Mauve:

Now here's where it may get scary to you new Divas out there. This color can be intimidating for newcomers or even my Neutral-Color obsessed, but bear with me! It's a beautiful shade of purple, gold and brown that can give your eyes a beautiful warmth and glow that almost can't be achieved quite as well with any other color. It's soft enough for daytime use, and smoked with darker brown near the lashes, can give an intense, dramatic smoky eye great for parties, hot dates and photos. Once you get used to a the fact that it's not necessarily your everyday neutral, you'll wear this color everywhere!

So there it is, my loves. The Fantabulous Four will never let you down once you welcome these colors into your pallet. They'll let you have an endless list of "look" options that'll give you beautiful, finished looks even when you're at your most rushed!

Questions about the article? Write below, or PM me if you'd like to remain anonymous!

Muah!

The Makeup Fairy
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Old 06-21-2012, 01:03 AM   #89
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Dear Make Up Fairy:

I LOVE the look of some of the glitter eyeliners and shadows, but I've been hesitant on buying any because I don't want to come across as the 40 something desperately trying to recapture her 20's. Any ideas on how to subtly indulge?
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Old 06-21-2012, 01:21 AM   #90
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Dear Makeup Fairy,

How often to exfoliate? I hate it and probably only do it once a week. Sometimes showering just takes way too long. The puffy sponge things don't seem to work well. The other kind of brushes don't seem to lather well. I like salt scrubs but I don't want to use it every day and it seems to just leave an oily substance on my skin to make it feel smoother.

And what is the best cover up for acne? I break out during that time of month and even the $30 liquid foundation and powder from Sephora failed miserably. I get red blemishes and I rather not coat 10 different products on my face.

Last edited by ConfusedAgain : 06-21-2012 at 01:24 AM.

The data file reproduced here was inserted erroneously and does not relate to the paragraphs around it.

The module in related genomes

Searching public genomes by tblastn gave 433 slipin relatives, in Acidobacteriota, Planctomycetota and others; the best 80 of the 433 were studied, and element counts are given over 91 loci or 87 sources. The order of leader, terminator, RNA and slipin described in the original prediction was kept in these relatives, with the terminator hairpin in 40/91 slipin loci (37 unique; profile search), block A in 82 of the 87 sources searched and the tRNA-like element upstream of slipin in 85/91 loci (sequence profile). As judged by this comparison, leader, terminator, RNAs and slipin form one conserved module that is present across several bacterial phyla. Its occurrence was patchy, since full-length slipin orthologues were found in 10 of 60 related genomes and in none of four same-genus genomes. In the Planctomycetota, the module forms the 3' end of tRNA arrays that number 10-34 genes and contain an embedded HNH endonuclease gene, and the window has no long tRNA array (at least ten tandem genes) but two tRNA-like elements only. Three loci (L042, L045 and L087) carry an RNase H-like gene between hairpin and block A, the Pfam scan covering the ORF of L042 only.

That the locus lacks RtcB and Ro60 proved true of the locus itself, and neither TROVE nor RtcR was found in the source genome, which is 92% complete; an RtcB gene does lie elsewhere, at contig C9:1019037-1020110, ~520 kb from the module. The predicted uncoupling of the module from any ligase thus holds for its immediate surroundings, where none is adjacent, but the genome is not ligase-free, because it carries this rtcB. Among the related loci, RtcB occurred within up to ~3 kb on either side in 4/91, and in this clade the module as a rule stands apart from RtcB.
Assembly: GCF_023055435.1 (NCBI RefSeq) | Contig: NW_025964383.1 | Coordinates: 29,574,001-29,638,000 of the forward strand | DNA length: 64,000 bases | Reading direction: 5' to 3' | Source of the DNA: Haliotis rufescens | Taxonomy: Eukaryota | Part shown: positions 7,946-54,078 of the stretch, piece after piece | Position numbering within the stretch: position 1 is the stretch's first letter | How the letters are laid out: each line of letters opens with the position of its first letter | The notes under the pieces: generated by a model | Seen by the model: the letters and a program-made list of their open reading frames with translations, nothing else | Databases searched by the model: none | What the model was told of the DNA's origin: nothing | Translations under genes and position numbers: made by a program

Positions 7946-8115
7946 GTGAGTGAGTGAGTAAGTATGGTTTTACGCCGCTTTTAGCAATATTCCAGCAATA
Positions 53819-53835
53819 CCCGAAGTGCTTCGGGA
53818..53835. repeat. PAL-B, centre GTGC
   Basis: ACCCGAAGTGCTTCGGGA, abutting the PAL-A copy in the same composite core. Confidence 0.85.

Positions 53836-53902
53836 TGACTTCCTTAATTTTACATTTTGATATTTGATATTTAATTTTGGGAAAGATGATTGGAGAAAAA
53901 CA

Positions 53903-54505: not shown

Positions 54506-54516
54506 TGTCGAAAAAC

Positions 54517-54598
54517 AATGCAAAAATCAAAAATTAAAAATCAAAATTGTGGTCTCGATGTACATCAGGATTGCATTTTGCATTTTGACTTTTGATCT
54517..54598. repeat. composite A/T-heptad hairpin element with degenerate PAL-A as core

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Old 06-21-2012, 02:52 AM   #91
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Quote:
Originally Posted by bailadora View Post
Dear Make Up Fairy:

I LOVE the look of some of the glitter eyeliners and shadows, but I've been hesitant on buying any because I don't want to come across as the 40 something desperately trying to recapture her 20's. Any ideas on how to subtly indulge?
Roll play, ropes, and a paddle.

Sorry, couldn't resist. I now return you to your regularly scheduled Make-Up Fairy.
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Old 06-21-2012, 07:50 AM   #92
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Originally Posted by bailadora View Post
Dear Make Up Fairy:

I LOVE the look of some of the glitter eyeliners and shadows, but I've been hesitant on buying any because I don't want to come across as the 40 something desperately trying to recapture her 20's. Any ideas on how to subtly indulge?
Dear Bali,

I would say if you want to indulge in the new ultra-high shine looks, opt for a shimmer shadow instead of glitter, for a finer texture. Big chunky glitter is almost never flattering, even on the youngest skin. BareMinerals and ELF both have a powder mineral pigments that are extremely shiny and long lasting. I suggest using a primer underneath for smudge-proof wear.

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Originally Posted by ConfusedAgain View Post
Dear Makeup Fairy,

How often to exfoliate? I hate it and probably only do it once a week. Sometimes showering just takes way too long. The puffy sponge things don't seem to work well. The other kind of brushes don't seem to lather well. I like salt scrubs but I don't want to use it every day and it seems to just leave an oily substance on my skin to make it feel smoother.

And what is the best cover up for acne? I break out during that time of month and even the $30 liquid foundation and powder from Sephora failed miserably. I get red blemishes and I rather not coat 10 different products on my face.
Dear Confused Again,